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Archive | Restaurants

What's Happening in:  All over South Philly 

Breakfast in bed…South Philly-style!

Start the day right – have breakfast delivered by one of these South Philly favorites

By Catherine Murray

As the weather cools and the days grow shorter, lingering at home in the morning is more and more appealing. We wanted to remind our readers of these long standing South Philly favorites that will deliver a piping hot breakfast to your door. So stay in your jammies, nurse your cold (or hangover), and dig into a hearty breakfast, South Philly-style.

Tell ’em the Passyunk Post sent you!


Brunic’s
2000 S 17th Street
Open at 6 am, Sundays at 8 am

Sweet Italian sausage, broccoli rabe, egg, and provolone. Photo courtesy of Brunics.

Breakfast club with scrapple. Photo courtesy of Brunics.

Brunics traces its beginnings to the 1950s when it was Mary’s Kitchen. In 1972 the restaurant was renamed when Bruno and Nicky took over. Brunics started delivering breakfast in South Philly over 22 years ago and remains a go-to place for breakfast sandwiches with hot or sweet Italian sausage and eggs. Be sure to add the broccoli rabe or sharp provolone for an extra punch. Or opt for one of Brunic’s most popular items, a triple decker breakfast club sandwich made any way you want.

Menu: View their menu at AllMenus, or on their Facebook page.

How to order: Call 215-755-7645 for cash only delivery or via Grubhub for credit card. 


Fat Joe’s
1618 S Christopher Columbus Blvd.
Open daily at 8 am

Breakfast sandwich with bacon, egg, onions and cheese. Photo courtesy of Fat Joe’s.

Fat Joe’s serves breakfast all day and has a wide variety to choose from including sandwiches, mega omelets, quesadillas, and pancakes. The Dirty Dirty Home Fries are mixed with angus beef, bacon, jalapenos, onions, and pepper jack cheese. Craving a taste of childhood?  Order the Sweet Crunch Toast, a play on French Toast coated with Captain Crunch or Cinnamon Toast Crunch.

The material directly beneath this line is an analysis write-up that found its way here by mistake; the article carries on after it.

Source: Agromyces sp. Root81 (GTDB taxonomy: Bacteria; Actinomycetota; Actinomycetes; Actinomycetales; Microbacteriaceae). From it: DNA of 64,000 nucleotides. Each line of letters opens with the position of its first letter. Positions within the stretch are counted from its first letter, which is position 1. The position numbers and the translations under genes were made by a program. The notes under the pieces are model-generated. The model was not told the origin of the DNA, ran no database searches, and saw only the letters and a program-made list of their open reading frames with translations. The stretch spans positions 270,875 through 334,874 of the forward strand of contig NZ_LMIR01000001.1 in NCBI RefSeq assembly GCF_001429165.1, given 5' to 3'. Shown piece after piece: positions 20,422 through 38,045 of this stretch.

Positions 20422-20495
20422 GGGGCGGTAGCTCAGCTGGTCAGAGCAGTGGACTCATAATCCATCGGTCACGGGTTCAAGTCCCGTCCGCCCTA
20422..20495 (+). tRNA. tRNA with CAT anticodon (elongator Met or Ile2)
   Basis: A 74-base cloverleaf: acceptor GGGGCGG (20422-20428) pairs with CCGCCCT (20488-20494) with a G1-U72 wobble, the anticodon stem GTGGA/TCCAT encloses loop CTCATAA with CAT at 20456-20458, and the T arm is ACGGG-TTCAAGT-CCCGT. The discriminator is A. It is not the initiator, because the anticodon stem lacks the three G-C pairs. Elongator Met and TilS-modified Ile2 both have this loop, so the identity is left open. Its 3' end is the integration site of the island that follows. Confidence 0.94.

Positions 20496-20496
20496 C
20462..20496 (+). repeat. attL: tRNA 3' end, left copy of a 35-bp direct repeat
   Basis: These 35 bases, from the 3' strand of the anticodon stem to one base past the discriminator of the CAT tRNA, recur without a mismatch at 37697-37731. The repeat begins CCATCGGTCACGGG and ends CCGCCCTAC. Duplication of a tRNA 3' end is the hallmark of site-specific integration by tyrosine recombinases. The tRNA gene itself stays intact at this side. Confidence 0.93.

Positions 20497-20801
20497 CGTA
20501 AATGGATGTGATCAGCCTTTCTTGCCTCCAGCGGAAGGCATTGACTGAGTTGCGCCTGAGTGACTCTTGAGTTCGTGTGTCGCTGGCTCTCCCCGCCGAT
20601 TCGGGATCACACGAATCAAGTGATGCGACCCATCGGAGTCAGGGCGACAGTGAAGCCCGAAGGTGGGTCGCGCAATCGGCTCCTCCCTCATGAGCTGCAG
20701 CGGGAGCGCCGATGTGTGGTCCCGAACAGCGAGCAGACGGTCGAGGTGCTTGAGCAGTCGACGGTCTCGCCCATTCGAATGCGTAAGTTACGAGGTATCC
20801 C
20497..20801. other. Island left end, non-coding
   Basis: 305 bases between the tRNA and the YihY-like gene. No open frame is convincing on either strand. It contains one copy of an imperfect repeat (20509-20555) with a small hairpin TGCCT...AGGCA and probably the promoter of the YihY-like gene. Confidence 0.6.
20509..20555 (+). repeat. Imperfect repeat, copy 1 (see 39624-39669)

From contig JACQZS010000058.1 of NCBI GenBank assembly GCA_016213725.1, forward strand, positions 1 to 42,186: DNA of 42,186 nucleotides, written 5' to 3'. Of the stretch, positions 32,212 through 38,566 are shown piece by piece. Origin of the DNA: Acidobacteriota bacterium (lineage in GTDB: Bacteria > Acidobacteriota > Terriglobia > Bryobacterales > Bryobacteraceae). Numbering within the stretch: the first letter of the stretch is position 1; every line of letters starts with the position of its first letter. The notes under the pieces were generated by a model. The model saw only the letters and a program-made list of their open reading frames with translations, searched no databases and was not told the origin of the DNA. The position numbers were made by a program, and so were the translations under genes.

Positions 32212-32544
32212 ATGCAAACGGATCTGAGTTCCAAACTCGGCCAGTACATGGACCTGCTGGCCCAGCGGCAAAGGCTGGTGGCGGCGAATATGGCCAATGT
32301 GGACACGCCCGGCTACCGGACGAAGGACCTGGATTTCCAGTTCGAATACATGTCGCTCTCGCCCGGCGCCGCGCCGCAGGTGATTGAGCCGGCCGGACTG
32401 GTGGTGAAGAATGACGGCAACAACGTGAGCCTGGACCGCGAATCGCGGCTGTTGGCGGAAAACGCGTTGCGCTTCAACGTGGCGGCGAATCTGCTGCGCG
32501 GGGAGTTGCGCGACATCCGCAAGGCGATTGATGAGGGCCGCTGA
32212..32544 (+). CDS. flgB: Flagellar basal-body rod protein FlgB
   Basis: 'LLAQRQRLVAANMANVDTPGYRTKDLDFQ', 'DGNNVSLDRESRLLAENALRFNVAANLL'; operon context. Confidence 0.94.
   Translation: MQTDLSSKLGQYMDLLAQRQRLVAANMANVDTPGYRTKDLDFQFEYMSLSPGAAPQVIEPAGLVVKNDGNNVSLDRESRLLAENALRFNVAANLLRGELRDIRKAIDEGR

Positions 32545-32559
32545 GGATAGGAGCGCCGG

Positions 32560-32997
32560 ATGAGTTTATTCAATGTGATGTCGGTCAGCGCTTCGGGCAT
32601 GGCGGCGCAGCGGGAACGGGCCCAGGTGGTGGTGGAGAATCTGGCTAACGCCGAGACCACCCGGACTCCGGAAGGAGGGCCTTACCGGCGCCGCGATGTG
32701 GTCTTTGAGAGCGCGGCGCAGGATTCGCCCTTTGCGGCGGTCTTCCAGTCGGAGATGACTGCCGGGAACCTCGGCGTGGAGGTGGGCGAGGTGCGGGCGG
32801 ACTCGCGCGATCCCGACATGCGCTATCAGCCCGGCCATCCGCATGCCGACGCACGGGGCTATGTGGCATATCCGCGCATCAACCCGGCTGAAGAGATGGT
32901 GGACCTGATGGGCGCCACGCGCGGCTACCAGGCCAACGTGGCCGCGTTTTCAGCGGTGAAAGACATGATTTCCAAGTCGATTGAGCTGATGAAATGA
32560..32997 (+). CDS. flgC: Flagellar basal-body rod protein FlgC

Menu: View their menu at MenusPages.com.

How to order: Call 215-389-1333 or via Grub Hub. 


T & N Homemade Kitchen
1820 W. Moyamensing Ave.
Open on weekdays at 6:30 am and weekends at 8:00 am

Da Bomb. Photo courtesy of T&N Kitchen.

T&N has been part of the Philly fabric since 1980 and is now on it’s second generation of ownership. Their extensive breakfast menu includes eggs platters with pork roll, Italian sausage, or scrapple. They also offer unique items like ‘Da Bomb,’ an omelet – with anything you want – rolled into a pancake. If that’s not enough, order the colossal breakfast with french toast, pancakes, meat, potatoes. Breakfast is served all day.

Menu: http://www.tnhomemadekitchen.com/menu/.

How to order: Grubhub, Uber Eats, Postmates, or simply give them a call at 215-462-1095.


Vincenzo’s Deli
1626 S 9th Street
Open at 7 am on weekdays and 9 am Saturdays; closed Sundays

Pancake breakfast. Photo courtesy of Vincenzo’s.

A beloved establishment for over 30 years, Vincenzo’s serves up breakfast sandwiches on long rolls, hearty breakfast sandwiches, and lemon ricotta pancakes. Can’t decide if you want breakfast or lunch? Opt for the meatball omelet served with three eggs, meatballs, spinach, and cheese.

Menu: http://vincenzosphilly.com/menu/.

How to Order: Delivery through Grubhub only.


Do you have a favorite South Philly breakfast place that delivers? Let us know at tips@passyunkpost.com or in the comments below.

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What's Happening in:  Newbold 

Halo there, Thirsty Soul

The “Pope Chair.”  Courtesy Darren Fava

New Watering Hole on West Passyunk Offers All-day Brunch, Clever Cocktails, and Live Music.

By Mark Ferrante for the Passyunk Post

“We’re all about comfort and spirits.  The comfort and spirits that we serve, and the comfort and spirits of those we serve,” says Timothy Lidiak about The Thirsty Soul, open since August at 1551 West Passyunk Avenue (northeast corner of West Passyunk Avenue and 16th Street) in Newbold. The church-themed restaurant is a joint-venture of Lidiak and fellow owners Billy Hines, and Adrienne Markey-Salvatore. Hines serves as general manager. Executive chef Barbara Romeo, previously at West Passyunk’s now-closed Grubhouse, has crafted a comfort food-filled, New Orleans-meets-South Philly all-day brunch menu.

Lidiak, a South Philly resident since 1999, also serves as president of the Newbold Community Development Corporation. He says the restaurant will provide “delicious comfort food and craft cocktails at an affordable price structure suited for our South Philly neighborhood.” More ambitiously, the restaurant hopes to  “jump start the economic growth and commercial revitalization of West Passyunk Avenue and provide job opportunities to neighborhood residents.”

The confessional.